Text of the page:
Before I comment on the discussion re: Patricia's landfall intensity, I must commend you on an excellent video. For me this video shows two different storms. The first half looks hardly a major, with winds seemingly barely getting above hurricane force sustained with maybe 90 mph gusts, where the second half resembles a truly violent, violent storm unlike many I've seen filmed. Not only with strong straight line winds but serious downburst like gusts with debris flying everywhere. It's hard to gauge the true ferocity because it sent you into survivor mode, but perhaps that indeed is a measure of the true ferocity...that it send you inside. Truly amazing stuff and I can't imagine how that experience must have been. The icing on the cake is showing just how fortunate you were, with many rooms nearby losing the roof. This video is your best, up there with Haiyan. It's no coincidence both were land falling cat 5s.
Re: the discussion. I won't rehash points re: satellite presentation or surface wind reports. One thing I will say is that people in general have incredibly unrealistic expectations for wind damage in major hurricanes. You see words like "wiped off the map" or "goodbye New Jersey" or "skyscrapers expected to sway to point of collapse". Then when the cat 3-4-5 hits and none of these phrases come to fruition you ask the question "was it really a 5?"
People expect these violent hurricanes to behave like violent tornadoes when they are completely different. It's easier to design a building to withstand straight line wind. much more difficult to design a structure to withstand violent upward motion. Motion violent enough to rip concrete out the ground, lift trains, etc. hurricanes aren't built like that, even category 5s. Even 200 mph category 5s. Which is why the initial comparisons of Patricia to a 20 mile wide ef5 tornado were inaccurate. And it's thoughts like this that inevitably disappoint weenies looking for complete obliteration. Patricia was not a 20 mile wide ef5. It was a 20 mile wide hurricane.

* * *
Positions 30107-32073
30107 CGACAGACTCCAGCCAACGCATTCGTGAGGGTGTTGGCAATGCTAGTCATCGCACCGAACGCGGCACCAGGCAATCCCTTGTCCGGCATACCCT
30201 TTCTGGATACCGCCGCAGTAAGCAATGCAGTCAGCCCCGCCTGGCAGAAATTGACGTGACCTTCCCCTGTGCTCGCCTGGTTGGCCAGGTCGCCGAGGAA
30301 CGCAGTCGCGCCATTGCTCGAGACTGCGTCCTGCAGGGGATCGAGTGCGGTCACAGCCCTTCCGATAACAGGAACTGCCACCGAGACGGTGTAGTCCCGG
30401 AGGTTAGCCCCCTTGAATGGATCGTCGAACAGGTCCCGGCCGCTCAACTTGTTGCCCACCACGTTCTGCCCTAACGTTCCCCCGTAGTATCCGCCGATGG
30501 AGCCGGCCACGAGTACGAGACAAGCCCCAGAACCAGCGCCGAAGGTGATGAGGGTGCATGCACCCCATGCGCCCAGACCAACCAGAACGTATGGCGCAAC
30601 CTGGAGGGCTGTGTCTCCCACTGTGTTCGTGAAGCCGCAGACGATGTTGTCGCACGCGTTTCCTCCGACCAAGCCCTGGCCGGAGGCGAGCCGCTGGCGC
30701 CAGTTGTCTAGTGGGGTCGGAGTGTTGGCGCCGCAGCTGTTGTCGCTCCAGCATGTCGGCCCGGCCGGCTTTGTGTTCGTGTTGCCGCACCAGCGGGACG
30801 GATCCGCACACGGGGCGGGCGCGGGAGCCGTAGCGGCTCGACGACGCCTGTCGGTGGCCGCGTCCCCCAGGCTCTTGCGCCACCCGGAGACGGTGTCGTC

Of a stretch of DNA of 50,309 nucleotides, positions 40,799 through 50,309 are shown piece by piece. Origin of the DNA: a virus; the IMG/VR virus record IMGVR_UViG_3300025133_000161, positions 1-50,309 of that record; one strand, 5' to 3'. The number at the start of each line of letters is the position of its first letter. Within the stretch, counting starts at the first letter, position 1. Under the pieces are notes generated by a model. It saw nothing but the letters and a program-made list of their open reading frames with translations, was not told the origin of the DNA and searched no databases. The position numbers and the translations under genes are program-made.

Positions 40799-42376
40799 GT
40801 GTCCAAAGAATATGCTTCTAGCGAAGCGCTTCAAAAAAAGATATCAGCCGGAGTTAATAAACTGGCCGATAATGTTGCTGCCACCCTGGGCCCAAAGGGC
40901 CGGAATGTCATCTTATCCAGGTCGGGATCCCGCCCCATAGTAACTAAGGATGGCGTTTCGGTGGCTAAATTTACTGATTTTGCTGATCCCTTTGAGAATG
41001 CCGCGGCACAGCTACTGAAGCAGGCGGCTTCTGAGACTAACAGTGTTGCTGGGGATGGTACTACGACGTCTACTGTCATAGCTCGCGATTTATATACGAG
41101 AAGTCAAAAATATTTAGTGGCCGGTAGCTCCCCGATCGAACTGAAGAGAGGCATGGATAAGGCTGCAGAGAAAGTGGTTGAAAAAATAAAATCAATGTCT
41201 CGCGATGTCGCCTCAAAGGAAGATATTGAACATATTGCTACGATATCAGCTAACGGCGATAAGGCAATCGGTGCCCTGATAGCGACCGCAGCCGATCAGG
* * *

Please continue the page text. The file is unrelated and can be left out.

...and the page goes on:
Then people also say..."people say well the wind damage wasn't as bad as x hurricane, which was also a 5." Each hurricane is different. And if you notice with this video there is a reasonable explanation as to why this damage might appear light for a category 5. Duration of violent winds. Looking at this video they last maybe 20 mins. The first half comes with strong but bearable winds, the second half comes with violent destructive winds. That's not a lot of time to completely shred a city or town. Had the front half of this storm been as severe back....completely different story for josh. It's things like these we need to consider if we are going to jump the gun and assign hurricane categories or tornado ratings before official findings. We shouldnt indulge in this but it's bound to happen. What I can gather from Josh's video regarding Patricia was that for its second half, it was a violent, violent hurricane. One of the worst he's filmed from my eyes